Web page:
The most anticipated Madrid Book Fair of recent years has come to an end. Some will think that it was easy to improve the non-existent edition of 2020 and another half gas, where the controversies devoured the figures and the illusion to recover the great events after the pandemic. That is precisely why expectations were high and more towards a new direction that promised to bring fresh air after the abrupt departure of his predecessor, Manuel Gil. But this Sunday the notes have been distributed and some of them are outstanding.
Fresh air has literally been conspicuous by its absence. The Fair has had to face its last weekend a heat wave that has touched 40 degrees and a gale that almost forced to vacate the Retiro on Saturday night.
The first woman director of the festival, Eva Orúe was optimistic according to what the exhibitors were telling her. "The sensations are good. We knew that more people had come, especially on weekdays, and that sales had been somewhat better. The Fair has returned," she assured a few days ago. Last year sales reached 9.1 million euros, 10% less than in 2019. The economic blow caused by the pandemic for many families and the disproportionate rise in the CPI for 2022 could have frustrated the prospects for improvement, but neither has it been the case.
On the other hand, there was more to choose from. From the 320 booths that were there a few months ago, they have increased to 378. All the booksellers and publishers have squeezed – literally – to give a little space to the independent labels that in 2021 were relegated to a secluded island. But this has been a temporary patch. The reality is that "not everyone fits", as Orúe admitted to this newspaperand the distribution of booths looks to be the headache of the next edition.
The institutional presence has been constant: from Queen Letizia, who opened the event, to the Prime Minister of Finland or the head of the Economy portfolio, Nadia Calviño, and the head of Culture, Miquel Iceta, who ended the visit with a haiku in their nets: "I close my eyes, scent of magnolia. The air runs." There were also politicians on the other side of the paseo, like Mariano Rajoy, who entered one of the booths to sign his book Politics for Adults.
The lack of a public address system has not prevented queues from forming in front of some booths. One of the best decisions of the Fair has been to absorb from the organization the signing of the biggest best-sellers and sometimes with limited tickets, as has been the case of the 2018 Planeta Prize, Santiago Posteguillo, the three 2021 Planeta Prize, Carmen Mola, Ángel Martín, Elisabet Benavent, Santi Balmes, from Love of Lesbian, Miguel Bosé or tiktokers like Marina Rivera.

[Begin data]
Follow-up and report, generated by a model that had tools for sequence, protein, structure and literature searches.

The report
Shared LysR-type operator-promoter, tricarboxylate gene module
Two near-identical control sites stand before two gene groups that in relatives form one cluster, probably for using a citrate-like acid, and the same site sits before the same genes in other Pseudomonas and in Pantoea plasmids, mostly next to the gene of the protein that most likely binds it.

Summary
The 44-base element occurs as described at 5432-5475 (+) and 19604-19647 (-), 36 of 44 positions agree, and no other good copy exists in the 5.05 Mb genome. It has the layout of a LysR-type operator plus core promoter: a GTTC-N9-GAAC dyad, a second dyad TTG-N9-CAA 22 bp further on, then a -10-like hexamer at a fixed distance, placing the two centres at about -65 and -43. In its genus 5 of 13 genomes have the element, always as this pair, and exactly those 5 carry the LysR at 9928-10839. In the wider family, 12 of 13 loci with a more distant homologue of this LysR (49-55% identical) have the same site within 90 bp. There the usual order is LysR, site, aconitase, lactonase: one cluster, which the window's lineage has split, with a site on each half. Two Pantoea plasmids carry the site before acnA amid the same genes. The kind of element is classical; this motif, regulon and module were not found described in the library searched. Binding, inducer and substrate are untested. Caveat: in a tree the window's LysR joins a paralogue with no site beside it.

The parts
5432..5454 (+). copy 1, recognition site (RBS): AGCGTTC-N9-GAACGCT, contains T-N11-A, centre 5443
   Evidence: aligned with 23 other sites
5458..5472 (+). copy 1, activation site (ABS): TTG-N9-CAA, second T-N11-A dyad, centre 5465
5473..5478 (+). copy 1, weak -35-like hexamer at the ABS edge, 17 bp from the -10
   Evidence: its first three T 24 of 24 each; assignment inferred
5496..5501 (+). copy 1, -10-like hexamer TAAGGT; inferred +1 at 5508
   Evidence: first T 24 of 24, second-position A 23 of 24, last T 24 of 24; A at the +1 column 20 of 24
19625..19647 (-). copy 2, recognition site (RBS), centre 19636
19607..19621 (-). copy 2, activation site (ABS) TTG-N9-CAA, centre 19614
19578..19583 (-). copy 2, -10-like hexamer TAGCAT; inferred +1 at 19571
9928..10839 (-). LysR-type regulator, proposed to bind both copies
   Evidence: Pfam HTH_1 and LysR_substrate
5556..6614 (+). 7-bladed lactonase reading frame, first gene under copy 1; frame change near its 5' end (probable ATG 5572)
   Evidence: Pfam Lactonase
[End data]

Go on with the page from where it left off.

They have also distributed the juicy prizes among the bookstore booths "that are not in the center of Madrid or that are going through a bad time and need that signature that can save them," announced Eva Orúe. One way to alleviate enormous inequality of the last edition.
Another novelty is that there will no longer be paper plans, but instead they have been replaced by digital towers and a group of employees with orange vests. If there was a but in this edition, it would be this: how difficult it was to spot the orange among the tide of very young vests hired by the NGOs that approached the passer-by every meter and a half.
The Madrid Book Fair is essentially private, paid for with the contribution of the exhibitors who rent their booths (1,670 euros for booksellers and 2,434 for publishers), sponsorship from companies and institutions, and a slight public aid. As Pepa Arteaga pointed out, the oldest bookstore of the Fair, the Madrid City Council "puts out its chest" and "the only thing it does is give up the Retiro". Taking this into account, one of the most notable parts of this edition has been its activities, balanced between those that carried a corporate stamp and those that have taken the pulse of today.
Eva Orúe arrived in January with many ideas and little time to execute them. Two months after starting to organize it, the entire invited country backed down and a war broke out in Europe that changed the course of everything, including the Fair. And the activities could not ignore it: "While condemning the Russian invasion, the cycle Looking East: Ukraine-Russia aims to neutralize the growing Russophobic discourse." After a lot of work, they managed to bring together a Russian writer and another of Ukrainian origin under the same tent for an exciting talk, and they completed it with three monologues on A country that no longer exists. They also presented the first audiobook on Zelensky.
And from the audiobook we move on to the podcast, because no self-respecting event can despise the rising phenomenon of "listening". Relato de un náufrago: a journey from journalism to literature was presented and it hosted the live recording of Un tema al día, the elDiario.es podcast with Juanlu Sánchez in which the subject of journalists who write books was addressed.
On the other hand, the Fair has addressed one of the most immediate needs of our society: the recovery of readers. The promotion of reading among the little ones has been taken into account with workshops and storytelling. Also with some firms especially aimed at children and adolescents. "The influx of young people is exciting," Orúe acknowledged.
Unfortunately, they had to show their reflexes before the death of the Galician writer Domingo Villar, who died on May 18, to whom they paid tribute. But the most special was that of Almudena Grandes, who died last November. The act was opened with a few words by Eva Orúe, after which a recording of Almudena herself with the speech she gave at the 2015 Fair was played. Then her widower, Luis García Montero, and her editor spoke, and finally, her readers they read in fragments of five minutes some of his works.